Wasabi’s menu is a massive meld of traditional Japanese sensations and tasty Thai creations. Tako su (steamed octopus, $5.95) and yaki ebi (shrimp teriyaki skewers, $4.50) bait anxious appetites before reeling them in for a main course of tuna, salmon, and shrimp nigiri (two pieces, $3.75–$3.95). Try one of Wasabi’s chef-special rolls, such as the Midnight Fantasy, with shrimp, crab, tuna, yellow tail, seaweed salad, and fish egg ($12.95), or fall back on old favorites, such as the california ($4.20) and rainbow ($7.95) rolls. Palates will experience a flavor implosion from the Dynamite Roll's deep-fried salmon, crab, and asparagus ($6.20). The Rock 'n' Roll packs a mouthwatering wallop of shrimp tempura, fish egg, cream cheese, and crab, similar to pressing your tongue against a stack of Marshall amps ($5.50). Pad thai (tofu or chicken, $7.65; beef or shrimp, $7.95) and kaeng phet curry ($11–$15) are nice for a bit of spice, and pineapple fried rice ($8.95–$9.95) and sweet-and-sour chicken or shrimp ($11) satisfy mellower Thai cravings.
Hibachi grills crackle with roaring flames and razor-sharp knives glimmer as they slice through fish—affording diners glimpses of the culinary skills the master chefs at Shogun Japanese Restaurants have been honing for more than a decade. Rustic exposed-brick walls and Japanese art pieces surround patrons, but all eyes are on award-winning chefs as they sizzle up choice beef, vegetables, and seafood at tableside grills. Behind the sushi bar, sushi artists swiftly chop fresh fish into 78 types of specialty rolls, and in the kitchen, pots bubble with udon noodles and soups that also fill the antiburglar cauldrons lining the restaurant’s roof. Behind the bar, mixologists top lavish cocktails with whipped cream and chocolate shavings.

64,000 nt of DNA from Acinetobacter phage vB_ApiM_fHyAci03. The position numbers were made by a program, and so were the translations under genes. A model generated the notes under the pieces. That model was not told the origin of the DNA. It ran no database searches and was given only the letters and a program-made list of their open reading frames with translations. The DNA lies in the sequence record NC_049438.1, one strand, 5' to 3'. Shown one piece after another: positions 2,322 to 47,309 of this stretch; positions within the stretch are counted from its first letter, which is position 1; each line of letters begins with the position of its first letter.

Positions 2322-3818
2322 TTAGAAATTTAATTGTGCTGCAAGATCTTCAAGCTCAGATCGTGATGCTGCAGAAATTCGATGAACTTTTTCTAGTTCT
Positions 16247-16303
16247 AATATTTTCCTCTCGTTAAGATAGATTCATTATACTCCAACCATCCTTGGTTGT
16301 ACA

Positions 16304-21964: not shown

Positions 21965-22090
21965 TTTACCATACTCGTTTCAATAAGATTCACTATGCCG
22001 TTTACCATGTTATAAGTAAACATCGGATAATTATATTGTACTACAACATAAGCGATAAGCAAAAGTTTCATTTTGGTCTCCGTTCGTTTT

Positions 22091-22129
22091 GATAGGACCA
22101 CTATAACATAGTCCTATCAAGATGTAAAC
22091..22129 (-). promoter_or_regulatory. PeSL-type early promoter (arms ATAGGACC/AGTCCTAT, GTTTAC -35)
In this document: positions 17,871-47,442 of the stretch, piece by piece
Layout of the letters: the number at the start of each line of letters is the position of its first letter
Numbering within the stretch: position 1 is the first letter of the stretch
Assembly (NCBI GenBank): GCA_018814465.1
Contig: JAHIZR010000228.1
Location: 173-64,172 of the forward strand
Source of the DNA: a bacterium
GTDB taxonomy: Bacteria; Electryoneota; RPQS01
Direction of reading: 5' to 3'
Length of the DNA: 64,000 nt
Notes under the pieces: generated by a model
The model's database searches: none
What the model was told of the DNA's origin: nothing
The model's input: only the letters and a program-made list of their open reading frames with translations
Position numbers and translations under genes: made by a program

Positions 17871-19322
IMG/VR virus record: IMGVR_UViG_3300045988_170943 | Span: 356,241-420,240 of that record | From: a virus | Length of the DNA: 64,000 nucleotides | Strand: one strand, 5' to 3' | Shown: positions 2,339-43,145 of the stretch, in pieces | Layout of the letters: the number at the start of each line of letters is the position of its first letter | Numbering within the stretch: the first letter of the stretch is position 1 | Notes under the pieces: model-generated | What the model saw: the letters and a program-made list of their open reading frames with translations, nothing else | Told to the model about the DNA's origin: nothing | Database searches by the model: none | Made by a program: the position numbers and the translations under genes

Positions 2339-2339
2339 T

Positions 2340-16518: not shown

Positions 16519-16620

The stylists at Green Ginger Hair Design consult with each client before snipping strands with precision. Tapping into a vast styling knowledge maintained by continuous education in techniques, styles, haircare products, and combo codes, stylists will cut locks into fresh styles or rejuvenate current coiffures. After the cuts, the hair kahunas will employ Redken products to tease or tame even the most Medusa-esque hair snarls into stylish coiffures that no longer turn passersby into stone. Customers in need of hair maintenance can settle in on one of the bright-yellow salon chairs, surrounded by vivid red walls and zebra-print accents, and customers in need of no maintenance can simply hang around the lobby enjoying the lush views from Green Ginger's large windows.
Kane Yama's cooks fire up tableside hibachi grills to create healthy, authentic Japanese dishes and serve fresh eats from a full sushi bar. The menu boasts an eclectic number of steakhouse standbys and tongue-taming sharable sushi rolls, such as the fresh tuna tekka maki ($6) or the Oh My God roll ($15)—a combination of chili sauce and three different fishes that elicits involuntary OMGs from otherwise staid diners. Hibachi meals harness the timeless power of food-preparing heat with your choice of chicken, filet mignon, seafood, or a double dose of veggies. Each lunch comes with soup, salad, vegetables, and steamed rice ($7–$14), and dinner hibachi plates ($14–$28) also throw in a shrimp appetizer.
Flashing knives and spurting flames dazzle diners as the chefs at Kuma Japanese Steak House & Sushi Bar theatrically sear entrees on the tabletop hibachi grills. Equally comfortable with cooking vegetables and meats, the chefs can shuffle a number of them across the grill's iron surface, including scallops, chicken, or filet mignon. Meanwhile, the sushi chefs gingerly slice pieces of fresh salmon and tuna behind their bar—unlike traditional bartenders, who rarely slice bottles into neat sections. Their work does not stop there, however, because they also carefully layer orders of salmon nigiri that can emerge alongside a familiar or inventive sushi roll, which arrives in either six or eight bite-sized pieces.
Sushi, meats and veggies cooked on a traditional hibachi grill, and Chinese entrees and sides make up the bulk of Hibachi Buffet's selection. Diners can fill as many plates as they'd like with the Asian medley, then end their meals with ice cream, fresh fruit, and a complimentary waistband-expansion service from the onsite tailor.